Pruning eucalyptus

Hi,
As a first post I thought I would ask if it's possible to reduce the size of my two eucalyptus trees. Unfortunately they have become very leggy at approx 35ish foot. I was hoping to lop off the tops down to approx 20ft. Would this be ok and would it produce a more bushy tree.
Kind Regards Clive
--
manc1973

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Yes, it would be very OK. However, if you chop them off at about ankle height, they will come more like a bush than a tree and that is the option I owuld take in most instances. If you chop them off at 20 ft, they are likely to come back like a moptop.
In South America, eucalypts are regularly chopped down time and time again as a renewable source of timber. Having seen the use the people of Sth Am make of them, I'm trying to get my husband to agree to planting a grove of Tasmanisn Blue Gums, but he hates the sods so I guess I'll have to work on finding another euc that he prefers.
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manc1973 wrote:

It would help if said what species they are but many eucalypts naturally grow tall and leggy. I would take them lower to about 10ft and leave all the new shoots to spread and bush out. They are likely to sprout new shoots from the base not just where you cut them. Depending on species the trunks and branches may be good for construction or firewood or both. Some species take to coppicing on a regular basis once established without any ill effects.
David
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:-)) My thoughts exactly. I suspect some people think all Eucalypts are alike.
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manc1973;951632 Wrote: > Hi,

> size of my two eucalyptus trees. Unfortunately they have become very > leggy at approx 35ish foot. I was hoping to lop off the tops down to > approx 20ft. Would this be ok and would it produce a more bushy tree.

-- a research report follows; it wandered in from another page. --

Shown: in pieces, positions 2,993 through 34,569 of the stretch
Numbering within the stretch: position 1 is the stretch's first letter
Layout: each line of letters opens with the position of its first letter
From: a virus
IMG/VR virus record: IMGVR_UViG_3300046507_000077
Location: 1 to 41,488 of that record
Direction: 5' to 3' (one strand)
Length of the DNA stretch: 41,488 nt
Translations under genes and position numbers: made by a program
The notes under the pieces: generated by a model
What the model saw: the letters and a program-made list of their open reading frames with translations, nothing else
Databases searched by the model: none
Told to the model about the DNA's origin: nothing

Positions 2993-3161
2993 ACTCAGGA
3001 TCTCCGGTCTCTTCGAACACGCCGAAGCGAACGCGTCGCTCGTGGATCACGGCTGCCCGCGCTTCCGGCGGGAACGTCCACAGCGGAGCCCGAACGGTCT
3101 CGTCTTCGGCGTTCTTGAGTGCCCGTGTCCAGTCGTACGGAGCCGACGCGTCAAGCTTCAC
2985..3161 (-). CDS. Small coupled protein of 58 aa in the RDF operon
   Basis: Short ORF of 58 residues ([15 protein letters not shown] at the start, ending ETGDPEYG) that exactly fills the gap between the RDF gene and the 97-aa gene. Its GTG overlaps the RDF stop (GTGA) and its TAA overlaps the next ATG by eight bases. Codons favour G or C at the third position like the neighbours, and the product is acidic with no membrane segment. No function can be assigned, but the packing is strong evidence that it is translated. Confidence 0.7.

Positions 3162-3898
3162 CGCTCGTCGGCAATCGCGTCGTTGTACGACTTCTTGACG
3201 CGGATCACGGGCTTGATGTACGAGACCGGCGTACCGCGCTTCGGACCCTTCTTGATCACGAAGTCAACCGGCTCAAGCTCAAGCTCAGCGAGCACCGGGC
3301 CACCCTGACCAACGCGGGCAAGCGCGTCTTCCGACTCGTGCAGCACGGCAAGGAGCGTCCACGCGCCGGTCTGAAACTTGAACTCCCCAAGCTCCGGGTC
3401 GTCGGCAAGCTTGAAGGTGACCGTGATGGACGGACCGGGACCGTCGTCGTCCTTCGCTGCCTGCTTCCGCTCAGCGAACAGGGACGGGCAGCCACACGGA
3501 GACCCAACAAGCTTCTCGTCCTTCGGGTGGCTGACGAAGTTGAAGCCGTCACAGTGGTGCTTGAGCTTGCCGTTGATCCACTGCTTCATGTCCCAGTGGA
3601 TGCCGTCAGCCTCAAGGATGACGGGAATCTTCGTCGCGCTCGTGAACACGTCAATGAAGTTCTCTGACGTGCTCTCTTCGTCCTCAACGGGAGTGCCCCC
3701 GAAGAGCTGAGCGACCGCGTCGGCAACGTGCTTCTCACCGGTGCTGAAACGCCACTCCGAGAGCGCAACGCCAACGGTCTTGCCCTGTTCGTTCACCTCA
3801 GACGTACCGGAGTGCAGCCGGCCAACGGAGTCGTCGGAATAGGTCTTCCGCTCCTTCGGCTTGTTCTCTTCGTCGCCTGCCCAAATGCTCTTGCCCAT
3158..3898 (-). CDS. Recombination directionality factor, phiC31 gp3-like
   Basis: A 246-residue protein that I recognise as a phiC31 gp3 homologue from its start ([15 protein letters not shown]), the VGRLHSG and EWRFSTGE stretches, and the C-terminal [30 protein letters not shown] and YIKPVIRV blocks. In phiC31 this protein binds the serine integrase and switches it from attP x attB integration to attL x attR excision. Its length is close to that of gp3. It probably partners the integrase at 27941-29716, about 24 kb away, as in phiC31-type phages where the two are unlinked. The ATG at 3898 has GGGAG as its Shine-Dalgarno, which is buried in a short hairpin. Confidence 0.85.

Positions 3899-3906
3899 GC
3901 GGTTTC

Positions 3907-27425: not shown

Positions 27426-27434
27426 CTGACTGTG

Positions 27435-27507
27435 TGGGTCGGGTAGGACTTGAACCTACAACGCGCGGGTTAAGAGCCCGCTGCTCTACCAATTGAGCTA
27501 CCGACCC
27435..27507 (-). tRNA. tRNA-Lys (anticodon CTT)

Some tree varieties can be pruned to form a bush which is much more manageable in the home garden. These trees must be trained from the first year through a technique called coppicing. Cut the eucalyptus tree straight across in the first year so it forms a stump that is 3 to 5 inches high. Trim any rough edges on the stump.
Choose four well-formed, well-spaced branches that have grown in the past year and cut off all remaining branches. Try to leave branches that are spaced evenly around the stump. These branches will have formed either from the stump or the ground. This is all the pruning needed in the second year. Remove any new branches that sprout up from the stump or ground each year but allow sideshoots to form on the four originally chosen branches. Trim the sideshoots only when they are broken, unhealthy, drooping or rubbing on other branches.
--
allen73


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Prune an eucalyptus? Are you mad? Wait for a gentle breeze, and the limbs will fall off by themselves.
--

Billy

E Pluribus Unum
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Billy wrote:

Tut tut, such generalisations, and in public too.
David
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Uh huh. I've live around eucalyptus trees all my life. Damn things may make fast growing wind breaks, but they are dangerous.
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Billy

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Billy wrote:

So you have lived with all 700 odd species? What about the other close genera that resemble genus eucalyptus that are often informally called eucalyptus, all those too?
Not all 700 species drop branches. Some are dangerous. We don't know whether the species the OP has are branch droppers.
D